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Blount Report: Affairs in Hawaii

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              HAWAIIAN   ISLANDS.	799

would try to live here under this flag, but ho wanted that flag to be clean. It would not be clean unless they went 
much further than the removal of the Gibson administration. He had been reminded of the words of Lord Chatham, 
"It is time that the Crown were addressed in the language of truth." It is the height of folly to put four men into a 
hostile camp, and support the tension to try and keep them there. (Mr. E. M. Walsh-"We will support them!") The 
speaker had a great deal of confidence in Mr. Walsh, but he preferred a good constitution, a now constitution, every 
time, and anything less than a new constitution would not suit him.
The miserable rag of a constitution we had did not afford adequate representation nor impose proper restrictions 
upon the power of the Throne. He believed it was written on the hearts of those before him, " a new constitution, and 
that speedily." It was the height of folly to suppose that commercial men and others in the community could stand 
and bold these men in their places. We had tried this kind of things for the last six years. With a good constitution 
we would have peace - peace flowing like a river. The franchise will be reconstructed and the king will have power 
as great us the Queen of Great Britain, and that ought to be enough for him. If to his own rights he wants to add the 
rights of 75,000 subjects he is not going to have them. The revolution of thought would be followed by a revolution 
of aims, as it always had been, if our reasonable requests were not granted. Ho pledged his life, every cent that he 
possessed, and his sacred honor under that flag that sheltered him from his birth. (Cheer.) If the men would not put 
this thing through the women would. He referred to the mental agony the women had endured these passed years for 
want of proper protection against disease, many having had to isolate their children in foreign lauds. No man can 
stop or stay this movement now. - The sails are set. the ship is in motion; we can not go back. Push her forward into 
the open sea. (Cheers.)
Mr. Kinney then spoke several minutes in Hawaiian.
Hon. S. B. Dole, being called upon, said: Fellow citizens: There are two thoughts to which I will call your attention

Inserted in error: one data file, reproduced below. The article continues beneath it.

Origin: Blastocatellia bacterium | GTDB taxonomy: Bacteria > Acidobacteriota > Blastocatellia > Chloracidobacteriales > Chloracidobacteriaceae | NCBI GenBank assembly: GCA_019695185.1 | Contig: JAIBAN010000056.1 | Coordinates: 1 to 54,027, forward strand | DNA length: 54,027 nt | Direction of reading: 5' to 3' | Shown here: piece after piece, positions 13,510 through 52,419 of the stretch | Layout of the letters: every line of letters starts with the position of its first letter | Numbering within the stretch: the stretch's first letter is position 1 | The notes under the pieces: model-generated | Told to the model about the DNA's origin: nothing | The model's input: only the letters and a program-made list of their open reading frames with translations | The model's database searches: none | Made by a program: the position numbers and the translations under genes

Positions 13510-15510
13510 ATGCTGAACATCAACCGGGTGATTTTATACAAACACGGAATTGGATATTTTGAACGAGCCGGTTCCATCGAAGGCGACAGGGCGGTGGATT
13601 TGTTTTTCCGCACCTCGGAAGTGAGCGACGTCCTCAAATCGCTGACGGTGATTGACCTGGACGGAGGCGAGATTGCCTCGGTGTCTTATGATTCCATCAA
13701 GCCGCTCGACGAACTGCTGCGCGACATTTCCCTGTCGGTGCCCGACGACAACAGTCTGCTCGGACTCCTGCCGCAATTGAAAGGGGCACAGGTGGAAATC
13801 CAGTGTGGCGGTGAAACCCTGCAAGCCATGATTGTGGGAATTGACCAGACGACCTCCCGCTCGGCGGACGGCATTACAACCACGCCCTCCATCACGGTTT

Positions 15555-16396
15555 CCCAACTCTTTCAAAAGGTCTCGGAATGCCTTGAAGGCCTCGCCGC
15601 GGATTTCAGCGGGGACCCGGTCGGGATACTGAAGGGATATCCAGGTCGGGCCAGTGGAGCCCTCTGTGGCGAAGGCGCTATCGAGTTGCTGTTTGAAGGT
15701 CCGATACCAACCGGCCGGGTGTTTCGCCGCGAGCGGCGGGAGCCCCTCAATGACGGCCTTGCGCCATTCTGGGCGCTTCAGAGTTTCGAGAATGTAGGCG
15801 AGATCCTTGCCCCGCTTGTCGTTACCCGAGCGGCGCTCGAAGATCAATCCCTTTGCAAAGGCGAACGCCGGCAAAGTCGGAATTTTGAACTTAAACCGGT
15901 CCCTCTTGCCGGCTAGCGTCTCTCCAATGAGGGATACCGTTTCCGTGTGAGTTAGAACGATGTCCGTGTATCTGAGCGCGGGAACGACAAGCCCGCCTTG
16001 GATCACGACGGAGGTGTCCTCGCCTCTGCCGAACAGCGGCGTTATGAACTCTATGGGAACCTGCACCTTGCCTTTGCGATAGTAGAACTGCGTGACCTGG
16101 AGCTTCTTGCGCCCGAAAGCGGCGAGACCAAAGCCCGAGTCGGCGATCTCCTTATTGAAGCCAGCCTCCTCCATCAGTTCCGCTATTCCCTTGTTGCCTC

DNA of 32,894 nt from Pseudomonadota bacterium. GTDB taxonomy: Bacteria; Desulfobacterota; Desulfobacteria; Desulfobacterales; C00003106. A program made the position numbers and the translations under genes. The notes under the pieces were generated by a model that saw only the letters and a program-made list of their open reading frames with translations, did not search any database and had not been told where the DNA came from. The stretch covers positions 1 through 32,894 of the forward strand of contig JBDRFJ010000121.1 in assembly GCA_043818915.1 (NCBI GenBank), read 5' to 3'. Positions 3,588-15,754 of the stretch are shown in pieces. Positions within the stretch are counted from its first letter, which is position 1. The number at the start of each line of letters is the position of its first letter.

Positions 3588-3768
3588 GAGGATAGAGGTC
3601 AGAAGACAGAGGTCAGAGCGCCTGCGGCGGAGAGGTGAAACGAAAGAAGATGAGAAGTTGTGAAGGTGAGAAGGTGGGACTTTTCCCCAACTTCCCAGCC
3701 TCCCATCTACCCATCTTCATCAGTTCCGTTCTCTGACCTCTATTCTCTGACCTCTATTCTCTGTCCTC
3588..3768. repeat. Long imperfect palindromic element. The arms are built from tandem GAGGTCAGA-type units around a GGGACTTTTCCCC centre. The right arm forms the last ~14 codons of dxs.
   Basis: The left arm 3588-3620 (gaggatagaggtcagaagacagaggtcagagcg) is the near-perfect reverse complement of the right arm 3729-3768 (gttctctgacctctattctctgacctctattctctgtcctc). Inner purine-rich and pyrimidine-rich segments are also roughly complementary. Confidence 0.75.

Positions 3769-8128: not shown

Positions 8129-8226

in our constitution. First, "The King conducts his Government for the common good." The second is like unto it, 
"All men are allowed to assemble to consult upon the common good." We have a right to be here, and we have 
assembled according to law; but we would not be here today if the King had conducted the Government for the 
common good. He has not done so. This meeting has come together to consider the public interests, and is composed 
of men who are determined to have good government. As I understand the situation, this meeting is called to give 
the King one chance to fall into line for political reform- just one chance. I do not say he will take the chance. I am 
not here to talk about the ministers, but about the King (loud cheers), for he is not conducting the Government for 
the benefit of the people. I need not detail the fact of bad government by the King to you; it relates to all 
departments of the ad ministration; interference with everything appertaining *o government has been his rule, and 
he has sold his sacred oath of office to the highest bidder. We are here for no unlawful purpose; we are here to 
demand that the King cleanse the Government, and that: he return this money - which every man, woman, and child 
in the country believes he took unlawfully - not for the sake of the parties to whom it belongs, but to show that the 
Government is to be conducted henceforth upon clean principles. We remember the last six years, during which the 
rights of the people have been trampled under foot, the representative principle of government has been practically 
destroyed, the principle of ministerial responsibility interrupted, and public moneys recklessly squandered. These 
things cannot go on. This movement means political reform, and it has gone so far that, from the talk I hear as I go 
along the street, opposition or hostility to it is in the public mind something akin to treason.
Mr. J. A. McCandless, whom the chairman introduced as a gentleman who went down into the bowels of the earth, 
spoke next. He said he supported these resolutions, and in doing so he believed that he represented some 1,500 
people. He was ready to support them with the last drop of his blood. All were united - merchants, mechanics, 
laborers, and all. He believed that there was a unanimity which had never before been attained. Fifteen hundred 
persons had been disfranchised for no other reason than they were white men, and they were not going to have this 
much longer. They had a right to have their franchise granted unconditionally. [A voice, We'll take them.] He was 
afraid there were some among them who were weak-kneed. One man had got his gun and taken it home, and left a 
note upon the table with the words "Good-bye; shall be out of town till next Sunday." That there were some who 
wanted bracing up. There were men among them the grandchildren of those who had fought at Waterloo, and made 
it what it was, of the noble six hundred at Balaklava. They had among them some of the heroes of Appomattox, and 
also of the Franco-German war. These were the kind of men this community is made up of. Abraham Lincoln had 
remarked on the eve of the late war, "it may be necessary to set the foot down hard." And a great newspaper 
correspondent who was present said that lie know then for the first time that the great North was

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